Today we went for a long walk around Lauttasaari and the rest of the islands outside Espoo with my friend, long-time collaborator and partner-in-crime Pekka Ollula. He’s one of a kind of a guy, man who has gone through quite a lot and came back out alive. His point of view to things is always valuable to me, and I’m super happy that he now lives also close by so even during quarantine time, it’s easy to reconnect.

While traveling out of the country has been strongly advised against, you can do a tour of the solar system without leaving Helsinki. We found Neptunus, quite by accident.

With Pekka, we’ve been doing quite a lot of projects together. We hired him originally to work as an intern at Energia Productions, after meeting him in Berlin when we were promoting the first Iron Sky (long before it was done, maybe in 2008), and he sort of stuck around in Iron Sky universe, working as a marketing manager, community manager and event planner throughout the years. He also created few businesses of his own, and even a film festival to Huhtamo, his home town (Huhtamo International Film Festival). We’ve been even thinking about setting up a film theater here in Lauttasaari, if only we were to find a good place, but wouldn’t that be fun! We even have a name for it – Lautta-Kino, according to the classical old cinema now long forgotten in Huittinen.

Huhtamo International Film Festival is held once every two years in Huhtamo, showing films at Huhtamo church, Huhtamo Youth House and several other venues around the village.

I’m currently working on four different scripts I’m hoping to produce into a movie, in addition for finishing The Ark for the Chinese release. There’s two interesting franchises I’ve been working on, both of which would turn into a great film if the stars were to align right, a script I’m developing with my wife, and two TV-shows, a sketch show and one for my German producer Oliver Damian. All this, plus I’m also reading shitload about Communism, because of the subject matter of the next Iron Sky. Still hard to predict what will move forward, and when, but now is the perfect time to push these productions forward, as there’s nothing else much to do.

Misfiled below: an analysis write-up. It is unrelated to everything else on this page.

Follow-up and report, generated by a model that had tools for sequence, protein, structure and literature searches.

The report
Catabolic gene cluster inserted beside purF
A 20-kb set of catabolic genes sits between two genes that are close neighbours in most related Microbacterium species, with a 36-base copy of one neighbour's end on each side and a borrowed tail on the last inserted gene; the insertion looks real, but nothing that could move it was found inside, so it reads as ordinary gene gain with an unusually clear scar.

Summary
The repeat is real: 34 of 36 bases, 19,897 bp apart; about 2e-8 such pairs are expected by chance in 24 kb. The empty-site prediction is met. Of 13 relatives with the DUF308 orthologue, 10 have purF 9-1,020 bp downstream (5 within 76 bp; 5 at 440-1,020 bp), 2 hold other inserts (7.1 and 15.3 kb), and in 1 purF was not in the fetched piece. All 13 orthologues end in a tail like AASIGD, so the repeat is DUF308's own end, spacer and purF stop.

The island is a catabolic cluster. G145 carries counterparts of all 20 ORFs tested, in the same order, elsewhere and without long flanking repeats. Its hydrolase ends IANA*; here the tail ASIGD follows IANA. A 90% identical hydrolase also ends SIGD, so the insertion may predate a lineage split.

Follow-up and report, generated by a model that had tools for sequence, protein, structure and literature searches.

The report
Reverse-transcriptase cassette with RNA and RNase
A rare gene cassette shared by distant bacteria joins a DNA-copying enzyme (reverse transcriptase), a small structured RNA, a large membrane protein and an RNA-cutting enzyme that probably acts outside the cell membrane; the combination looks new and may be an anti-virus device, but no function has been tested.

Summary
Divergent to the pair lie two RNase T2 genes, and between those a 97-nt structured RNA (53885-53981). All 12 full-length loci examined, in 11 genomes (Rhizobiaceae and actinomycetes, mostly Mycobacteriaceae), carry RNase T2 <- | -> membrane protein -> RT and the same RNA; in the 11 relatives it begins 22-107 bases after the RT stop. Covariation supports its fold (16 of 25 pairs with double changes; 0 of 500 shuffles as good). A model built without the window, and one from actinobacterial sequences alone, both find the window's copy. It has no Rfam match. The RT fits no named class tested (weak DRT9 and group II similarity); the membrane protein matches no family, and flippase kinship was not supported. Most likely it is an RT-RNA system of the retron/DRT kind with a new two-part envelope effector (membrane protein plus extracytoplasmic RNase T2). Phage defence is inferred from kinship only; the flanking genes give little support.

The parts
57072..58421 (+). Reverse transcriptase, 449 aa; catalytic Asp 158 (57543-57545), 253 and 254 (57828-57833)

Anyway, I’ll keep on blogging since I have nothing better to do, and it’s a good way to re-organize my thoughts – and probably worth something, coming back to these strange times years from now.

Huhtamo International Film Festival gathers together the folk from the village and visitors from much further away – actually, all the way from New Zealand!




Going Viral

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So, the all-out pandemic is true. Just a few weeks ago, it all felt so far away, but today, it’s quite tangible and real. Everyone takes in the situation differently, I find myself bearing this constant feeling of impending looming somewhere above me, not really scared but observing everything with a bit of a worry in my mind, probably because I’ve seen way too many zombie/pandemia scifi movies in my time.

I’m also starting to feel the impact of things to come and things that are happening around us. Personally, the company I work for now has sent everyone home to work out of office for the next two weeks. I’m doing experiential event production gig currently, and you can imagine it’s not a business that’s really taking the whole Corona too well. Many of the events we’ve been building for the last few months are cancelled, many more will be.

At least the weather is nice.

At home, my son’s school is also shutting the doors down – not completely, but enough so that the kids get to choose whether they study from home or show up at the school. One can imagine what the most choose – at least at this point. Few weeks at home, I think they’ll be happy getting back to civilization, though.